Live Moss Plants
Live moss plants are to a garden what a blueprint is to an engineer. Moss plants are the most useful and diverse garden supplements for bare spots, rock gardens and dramatic fillers between sidewalks and as border plants.
Types of Moss Plants
When people hear the word moss, they are usually reminded of the delicate Spanish moss hanging from trees in tropical areas. However, moss is one of those natural plants with a life and mind of its own. There's carpet moss, cushion moss, sheet moss and fern moss plus many more varieties of live mosses.
The clue to where moss thrives is taken from Spanish moss which thrives best in densely humid air. In more northern growing regions, live moss is more likely to be found in spots in gardens and landscapes where there is an unusual amount of moisture. There are over 23 types of live moss species.
A little known fact about some species of mosses is that they contain natural nutrients for the soil. Most live moss grows in clumps, which is a big advantage for creative gardeners with an artistic talent for using this plant in stunning designs. Cushion moss, fern moss, braided moss and haircap moss are native to North America.
Gardening with Moss Plants
Since moss grows in low lying clumps and has rhizoids that attach itself to the ground, it requires no watering and no fertilizing. Moss plants rarely grow more than one foot in height at maturity. It is one of the hardiest species of garden plants and does well even in cold winters. The rhizoids survive and flourish when temperatures warm again in spring. Moss plants can be purchased from local garden centers or online.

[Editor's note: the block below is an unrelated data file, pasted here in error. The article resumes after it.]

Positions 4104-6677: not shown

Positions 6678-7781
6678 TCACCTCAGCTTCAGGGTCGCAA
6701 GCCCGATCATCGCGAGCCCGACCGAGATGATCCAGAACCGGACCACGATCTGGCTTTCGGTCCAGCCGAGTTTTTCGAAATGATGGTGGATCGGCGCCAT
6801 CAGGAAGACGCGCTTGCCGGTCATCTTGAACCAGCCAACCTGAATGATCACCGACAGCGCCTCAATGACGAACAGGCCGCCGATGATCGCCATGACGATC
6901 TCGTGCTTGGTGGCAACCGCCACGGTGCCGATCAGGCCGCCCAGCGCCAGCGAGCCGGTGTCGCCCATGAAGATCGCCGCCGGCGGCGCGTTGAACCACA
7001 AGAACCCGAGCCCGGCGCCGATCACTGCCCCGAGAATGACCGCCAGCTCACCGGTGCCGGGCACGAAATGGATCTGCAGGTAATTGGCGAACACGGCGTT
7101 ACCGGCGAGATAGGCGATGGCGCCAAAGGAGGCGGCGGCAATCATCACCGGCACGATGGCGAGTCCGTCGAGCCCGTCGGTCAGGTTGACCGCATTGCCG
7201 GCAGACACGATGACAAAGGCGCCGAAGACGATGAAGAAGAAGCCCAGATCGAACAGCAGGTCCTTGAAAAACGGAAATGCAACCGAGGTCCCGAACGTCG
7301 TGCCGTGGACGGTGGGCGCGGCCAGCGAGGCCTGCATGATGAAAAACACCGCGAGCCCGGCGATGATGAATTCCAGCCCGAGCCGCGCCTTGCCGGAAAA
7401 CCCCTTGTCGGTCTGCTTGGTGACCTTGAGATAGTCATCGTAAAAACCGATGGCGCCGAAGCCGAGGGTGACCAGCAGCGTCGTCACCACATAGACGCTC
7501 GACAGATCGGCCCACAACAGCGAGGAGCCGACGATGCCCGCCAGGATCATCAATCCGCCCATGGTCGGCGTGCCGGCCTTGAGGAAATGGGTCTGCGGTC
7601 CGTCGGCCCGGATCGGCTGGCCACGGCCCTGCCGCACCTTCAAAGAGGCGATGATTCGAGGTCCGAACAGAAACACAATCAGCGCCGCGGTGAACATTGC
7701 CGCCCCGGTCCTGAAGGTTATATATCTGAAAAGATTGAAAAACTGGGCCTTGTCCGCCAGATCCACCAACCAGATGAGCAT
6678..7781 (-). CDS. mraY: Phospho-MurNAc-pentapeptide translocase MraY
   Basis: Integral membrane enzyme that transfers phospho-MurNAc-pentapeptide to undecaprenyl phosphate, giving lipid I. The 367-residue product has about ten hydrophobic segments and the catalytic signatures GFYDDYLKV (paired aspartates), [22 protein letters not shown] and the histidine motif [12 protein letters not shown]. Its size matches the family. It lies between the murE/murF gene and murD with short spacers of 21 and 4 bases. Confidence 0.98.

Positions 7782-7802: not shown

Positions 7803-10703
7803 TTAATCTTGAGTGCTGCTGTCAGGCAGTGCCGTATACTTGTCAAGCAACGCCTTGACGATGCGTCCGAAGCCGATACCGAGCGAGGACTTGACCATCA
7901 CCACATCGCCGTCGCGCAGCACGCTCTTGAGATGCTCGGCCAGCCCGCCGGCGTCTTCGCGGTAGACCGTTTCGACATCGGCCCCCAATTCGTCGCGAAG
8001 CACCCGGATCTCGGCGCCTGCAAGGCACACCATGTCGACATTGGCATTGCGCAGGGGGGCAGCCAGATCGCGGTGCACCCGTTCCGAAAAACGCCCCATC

Creature a picturesque blanket of emerald live moss on hillside areas where it is difficult to grow grass or flowers. To use moss for topiaries, it is necessary to help moss plants along with a metal form.
For an artistic look to your moss garden, choose broom moss, pretty cord moss with its silvery tips, small redleaf peat moss or the elegant looking waned hair-cap moss. Training moss into designs is fairly easy, but does require some maintenance and control. Mosses attract certain insects like gnats and ants. Use a natural pyrethrin repellent for insect control.
Planting Live Moss
There isn't much work to planting live moss. However, you may want to prepare a light layer of rich dark humus to hasten growth of your moss plants. Lay out humus in the shape you want the moss to take when new growth appears. Since live moss retains moisture, it can be planted in dry areas of the garden or landscape around the base of trees that may not receive enough water. This reduces the need for frequent watering. Each rain event will cause live moss to absorb water and quench the soil beneath.
Live moss is excellent for terrariums, pots, most types of containers and for Bonsai gardens. Live moss plants provide a depth of tranquility to a lush garden and in they are a great way to keep the indoors bright and green all year round.